We quickly popped over to Bard Coffee in downtown Portland to get a pick-me-up so we could all recover from our food comas. I got an Ethiopia Hambela pour over, which was approximately the temperature of lava (very good though once it had cooled). With some fresh caffeine in our hands, we headed to Allagash Brewing for a “VIP” tour of the brewery. This actually may have been my favorite part of the entire weekend. We were scooped up by Bob, Assistant VIP Tour Coordinator (This is how truly wonderful Allagash is. They have members of their team not only dedicated to guest relations, but to making sure industry nerds like me have someone to ask too many questions to and to get the chance to see the facility in a structured way that doesn’t interrupt a production or cellar person’s job. /gushing). We were a group of about 20 or so. Right off the bat, we were handed bottles of their House beer, a beer only sold at the brewery (Which is a shame because it is a damn good beer. I’m also regretting not buying any, but I brought home plenty of beer.). It’s a Belgian house or table beer that comes in at 4.5%. Citrus and Belgian esters play well together. We started in the “bunker” where we stood underneath the cones of their enormous fermenters secured into place precariously above us by a great deal of concrete. We ventured past some yeast tanks to the Brite tanks. They actually condition all of their beers instead of force carbonating by introducing table sugar and champagne yeast. This does add some time to their turn around, but it lends itself very nicely to the style of beers they’re producing.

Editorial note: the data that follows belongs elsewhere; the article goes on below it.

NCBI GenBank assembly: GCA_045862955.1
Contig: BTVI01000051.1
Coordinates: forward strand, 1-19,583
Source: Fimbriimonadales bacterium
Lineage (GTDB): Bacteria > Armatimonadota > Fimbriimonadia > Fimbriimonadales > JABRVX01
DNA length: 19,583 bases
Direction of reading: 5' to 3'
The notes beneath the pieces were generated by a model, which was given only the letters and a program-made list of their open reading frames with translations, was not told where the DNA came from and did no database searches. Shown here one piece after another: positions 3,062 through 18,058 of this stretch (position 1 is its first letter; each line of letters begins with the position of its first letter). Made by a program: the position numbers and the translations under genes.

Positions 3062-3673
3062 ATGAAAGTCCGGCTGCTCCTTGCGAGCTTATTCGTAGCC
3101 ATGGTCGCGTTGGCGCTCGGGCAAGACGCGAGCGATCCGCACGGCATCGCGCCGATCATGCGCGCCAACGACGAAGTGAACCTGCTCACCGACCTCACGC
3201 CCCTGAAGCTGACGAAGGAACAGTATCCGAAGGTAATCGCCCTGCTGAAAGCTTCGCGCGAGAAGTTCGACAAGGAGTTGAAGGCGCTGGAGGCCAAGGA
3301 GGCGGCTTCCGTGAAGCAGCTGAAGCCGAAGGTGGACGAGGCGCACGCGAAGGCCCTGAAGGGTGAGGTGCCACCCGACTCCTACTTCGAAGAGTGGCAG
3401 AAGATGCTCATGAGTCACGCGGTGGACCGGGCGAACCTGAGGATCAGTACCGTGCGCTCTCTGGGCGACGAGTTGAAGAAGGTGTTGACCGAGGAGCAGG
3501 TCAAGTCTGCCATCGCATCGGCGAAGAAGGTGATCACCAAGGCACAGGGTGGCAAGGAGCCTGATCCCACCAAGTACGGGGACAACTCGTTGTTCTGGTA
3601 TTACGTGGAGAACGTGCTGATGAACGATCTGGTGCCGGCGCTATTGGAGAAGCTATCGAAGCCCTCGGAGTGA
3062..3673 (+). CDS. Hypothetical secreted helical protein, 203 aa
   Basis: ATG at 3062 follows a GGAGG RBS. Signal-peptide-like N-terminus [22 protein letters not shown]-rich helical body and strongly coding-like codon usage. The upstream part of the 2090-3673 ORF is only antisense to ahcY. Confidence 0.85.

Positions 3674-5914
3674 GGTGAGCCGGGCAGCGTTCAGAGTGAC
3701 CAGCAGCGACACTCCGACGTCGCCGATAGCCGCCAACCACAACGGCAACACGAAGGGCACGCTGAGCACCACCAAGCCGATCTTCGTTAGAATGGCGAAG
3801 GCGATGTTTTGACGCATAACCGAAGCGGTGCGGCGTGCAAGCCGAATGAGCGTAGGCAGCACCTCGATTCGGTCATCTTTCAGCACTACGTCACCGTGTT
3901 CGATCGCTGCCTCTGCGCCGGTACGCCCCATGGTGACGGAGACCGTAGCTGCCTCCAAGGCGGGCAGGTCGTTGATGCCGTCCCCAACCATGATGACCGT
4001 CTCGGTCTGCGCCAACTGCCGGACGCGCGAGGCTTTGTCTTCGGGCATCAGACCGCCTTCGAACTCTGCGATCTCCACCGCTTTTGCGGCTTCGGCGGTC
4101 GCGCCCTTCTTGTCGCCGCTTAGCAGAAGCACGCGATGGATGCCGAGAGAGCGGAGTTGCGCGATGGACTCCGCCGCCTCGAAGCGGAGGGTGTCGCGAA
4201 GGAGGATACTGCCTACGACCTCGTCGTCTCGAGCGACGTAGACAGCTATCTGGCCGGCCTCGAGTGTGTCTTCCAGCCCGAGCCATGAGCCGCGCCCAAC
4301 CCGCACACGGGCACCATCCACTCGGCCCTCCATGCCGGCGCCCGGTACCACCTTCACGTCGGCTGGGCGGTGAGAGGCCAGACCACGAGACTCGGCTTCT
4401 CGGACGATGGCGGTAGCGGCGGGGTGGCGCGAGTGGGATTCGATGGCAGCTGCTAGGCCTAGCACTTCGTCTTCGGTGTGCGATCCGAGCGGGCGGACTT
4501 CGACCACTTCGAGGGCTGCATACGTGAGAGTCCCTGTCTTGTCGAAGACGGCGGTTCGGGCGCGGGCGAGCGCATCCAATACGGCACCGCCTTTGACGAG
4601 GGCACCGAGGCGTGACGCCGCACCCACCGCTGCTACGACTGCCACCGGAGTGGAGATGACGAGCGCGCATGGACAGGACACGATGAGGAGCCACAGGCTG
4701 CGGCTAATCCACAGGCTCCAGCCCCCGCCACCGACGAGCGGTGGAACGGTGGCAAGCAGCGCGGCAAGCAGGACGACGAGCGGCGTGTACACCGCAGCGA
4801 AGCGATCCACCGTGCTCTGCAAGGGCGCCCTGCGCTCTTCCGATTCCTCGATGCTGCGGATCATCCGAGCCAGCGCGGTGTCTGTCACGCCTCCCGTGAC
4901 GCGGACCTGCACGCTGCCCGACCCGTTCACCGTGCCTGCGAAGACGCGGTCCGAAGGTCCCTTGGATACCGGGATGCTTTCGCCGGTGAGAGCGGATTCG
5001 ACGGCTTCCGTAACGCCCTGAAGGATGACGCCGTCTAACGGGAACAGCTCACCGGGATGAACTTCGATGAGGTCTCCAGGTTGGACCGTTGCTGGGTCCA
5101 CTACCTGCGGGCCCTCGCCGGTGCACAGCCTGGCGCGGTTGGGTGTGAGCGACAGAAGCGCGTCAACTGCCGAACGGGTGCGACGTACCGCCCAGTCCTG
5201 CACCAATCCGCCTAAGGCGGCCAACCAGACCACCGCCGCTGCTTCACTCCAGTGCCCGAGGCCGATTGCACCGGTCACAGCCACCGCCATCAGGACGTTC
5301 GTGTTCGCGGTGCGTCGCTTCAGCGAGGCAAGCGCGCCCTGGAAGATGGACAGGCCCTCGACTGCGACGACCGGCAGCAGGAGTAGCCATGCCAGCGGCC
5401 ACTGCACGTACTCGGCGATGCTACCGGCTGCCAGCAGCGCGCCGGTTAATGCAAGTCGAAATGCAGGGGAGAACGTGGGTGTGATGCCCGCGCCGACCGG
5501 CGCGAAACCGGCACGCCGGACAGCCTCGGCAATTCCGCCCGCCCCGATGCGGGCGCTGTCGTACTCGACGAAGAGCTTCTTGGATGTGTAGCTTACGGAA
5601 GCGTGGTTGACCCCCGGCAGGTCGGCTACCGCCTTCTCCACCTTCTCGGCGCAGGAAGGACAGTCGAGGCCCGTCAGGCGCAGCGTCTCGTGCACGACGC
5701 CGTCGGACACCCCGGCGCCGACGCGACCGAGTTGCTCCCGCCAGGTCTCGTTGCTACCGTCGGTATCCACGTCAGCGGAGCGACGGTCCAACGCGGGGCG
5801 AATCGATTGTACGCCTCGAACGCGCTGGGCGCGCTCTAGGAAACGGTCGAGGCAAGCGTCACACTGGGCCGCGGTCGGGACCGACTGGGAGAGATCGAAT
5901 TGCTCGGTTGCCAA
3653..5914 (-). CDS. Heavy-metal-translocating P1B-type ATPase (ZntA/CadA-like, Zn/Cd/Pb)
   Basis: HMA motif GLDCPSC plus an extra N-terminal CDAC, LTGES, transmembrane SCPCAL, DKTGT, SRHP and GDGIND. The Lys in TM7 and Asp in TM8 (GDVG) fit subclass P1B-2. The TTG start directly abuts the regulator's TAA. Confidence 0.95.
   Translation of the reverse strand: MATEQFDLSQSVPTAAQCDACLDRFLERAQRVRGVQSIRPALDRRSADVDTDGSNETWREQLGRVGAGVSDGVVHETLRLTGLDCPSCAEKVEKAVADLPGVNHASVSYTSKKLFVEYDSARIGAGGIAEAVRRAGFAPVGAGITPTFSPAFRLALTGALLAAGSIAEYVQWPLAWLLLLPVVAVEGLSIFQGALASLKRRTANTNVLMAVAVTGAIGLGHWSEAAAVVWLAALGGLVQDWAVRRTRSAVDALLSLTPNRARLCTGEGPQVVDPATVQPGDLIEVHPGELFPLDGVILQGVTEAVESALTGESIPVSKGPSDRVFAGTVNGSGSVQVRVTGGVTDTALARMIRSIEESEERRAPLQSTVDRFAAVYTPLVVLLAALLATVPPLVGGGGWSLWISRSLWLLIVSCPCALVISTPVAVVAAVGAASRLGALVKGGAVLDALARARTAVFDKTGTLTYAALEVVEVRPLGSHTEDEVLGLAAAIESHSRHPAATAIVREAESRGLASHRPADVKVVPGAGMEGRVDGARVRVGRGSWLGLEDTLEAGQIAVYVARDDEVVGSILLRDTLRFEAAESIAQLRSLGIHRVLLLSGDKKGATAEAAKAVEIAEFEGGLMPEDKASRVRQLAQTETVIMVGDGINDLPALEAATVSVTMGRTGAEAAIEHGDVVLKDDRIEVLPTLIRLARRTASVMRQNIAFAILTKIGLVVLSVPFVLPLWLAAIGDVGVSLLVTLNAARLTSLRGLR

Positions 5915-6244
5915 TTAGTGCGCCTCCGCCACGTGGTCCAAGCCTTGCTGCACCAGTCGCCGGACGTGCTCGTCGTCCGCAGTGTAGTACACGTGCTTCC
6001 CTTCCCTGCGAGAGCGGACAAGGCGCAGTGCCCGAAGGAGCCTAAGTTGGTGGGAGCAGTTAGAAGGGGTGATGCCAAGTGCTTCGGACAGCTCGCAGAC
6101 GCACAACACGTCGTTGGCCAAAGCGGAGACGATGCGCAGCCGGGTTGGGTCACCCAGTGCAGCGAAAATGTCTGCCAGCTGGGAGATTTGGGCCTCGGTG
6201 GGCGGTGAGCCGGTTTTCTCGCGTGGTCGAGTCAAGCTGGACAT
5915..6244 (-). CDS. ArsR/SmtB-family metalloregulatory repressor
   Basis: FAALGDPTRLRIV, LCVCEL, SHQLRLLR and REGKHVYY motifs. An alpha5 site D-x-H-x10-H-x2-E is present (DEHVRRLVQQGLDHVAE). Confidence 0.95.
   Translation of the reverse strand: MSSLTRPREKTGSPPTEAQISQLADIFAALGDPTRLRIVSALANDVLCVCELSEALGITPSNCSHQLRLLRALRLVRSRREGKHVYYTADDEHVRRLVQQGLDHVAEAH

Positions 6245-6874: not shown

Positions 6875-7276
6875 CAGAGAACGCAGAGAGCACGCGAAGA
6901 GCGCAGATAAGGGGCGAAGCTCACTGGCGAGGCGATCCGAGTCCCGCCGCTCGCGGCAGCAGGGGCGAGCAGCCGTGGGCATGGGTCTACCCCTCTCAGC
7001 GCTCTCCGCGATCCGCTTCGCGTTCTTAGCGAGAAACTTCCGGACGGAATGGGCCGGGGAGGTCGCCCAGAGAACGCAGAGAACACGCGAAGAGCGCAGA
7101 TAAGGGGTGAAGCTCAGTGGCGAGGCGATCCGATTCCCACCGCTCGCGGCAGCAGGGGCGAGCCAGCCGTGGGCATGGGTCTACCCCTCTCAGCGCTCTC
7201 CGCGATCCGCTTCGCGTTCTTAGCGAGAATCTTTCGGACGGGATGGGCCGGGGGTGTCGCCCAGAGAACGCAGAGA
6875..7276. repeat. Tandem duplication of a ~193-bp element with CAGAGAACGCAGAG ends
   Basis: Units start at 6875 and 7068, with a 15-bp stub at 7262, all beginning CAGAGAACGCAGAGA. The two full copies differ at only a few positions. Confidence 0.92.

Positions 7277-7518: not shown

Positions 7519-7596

Next stop was their temperature controlled barrel room that housed a number of their Jack Daniel’s barrels and other clean barrels. From there we entered the bottling area with their 35(I might have that number wrong, but it was definitely in that ballpark)-head filler bottling line and a cork and cage machine that was very cool. We were then lead to what I was anxiously awaiting since the tour began, the lab! I actually managed to derail the tour because I immediately got caught up talking shop with the lab manager, Zach. The group actually ended up leaving me behind so I could continue to nerd the fuck out and they could continue the tour. I was so engrossed by the lab I actually didn’t take a single picture. They had some really cool toys: a non-destructive laser that can determine package CO2 levels without the need to pierce the bottle (very useful in a brewery that conditions with sugar and additional yeast), an Invisible Sentinel Thermocycler (a plug and play PCR tool with tests kits for brewery specific spoilers. I have one in my lab it’s a great tool, but very expensive.), a Real-Time PCR instrument that can be used alongside more traditional DNA extraction techniques, an incubator the size of a refrigerator, a cryogenic freezer (they’re beginning their own in-house yeast storage and propagation program in an effort to wean themselves off relying on outside yeast providers), and so so so much more.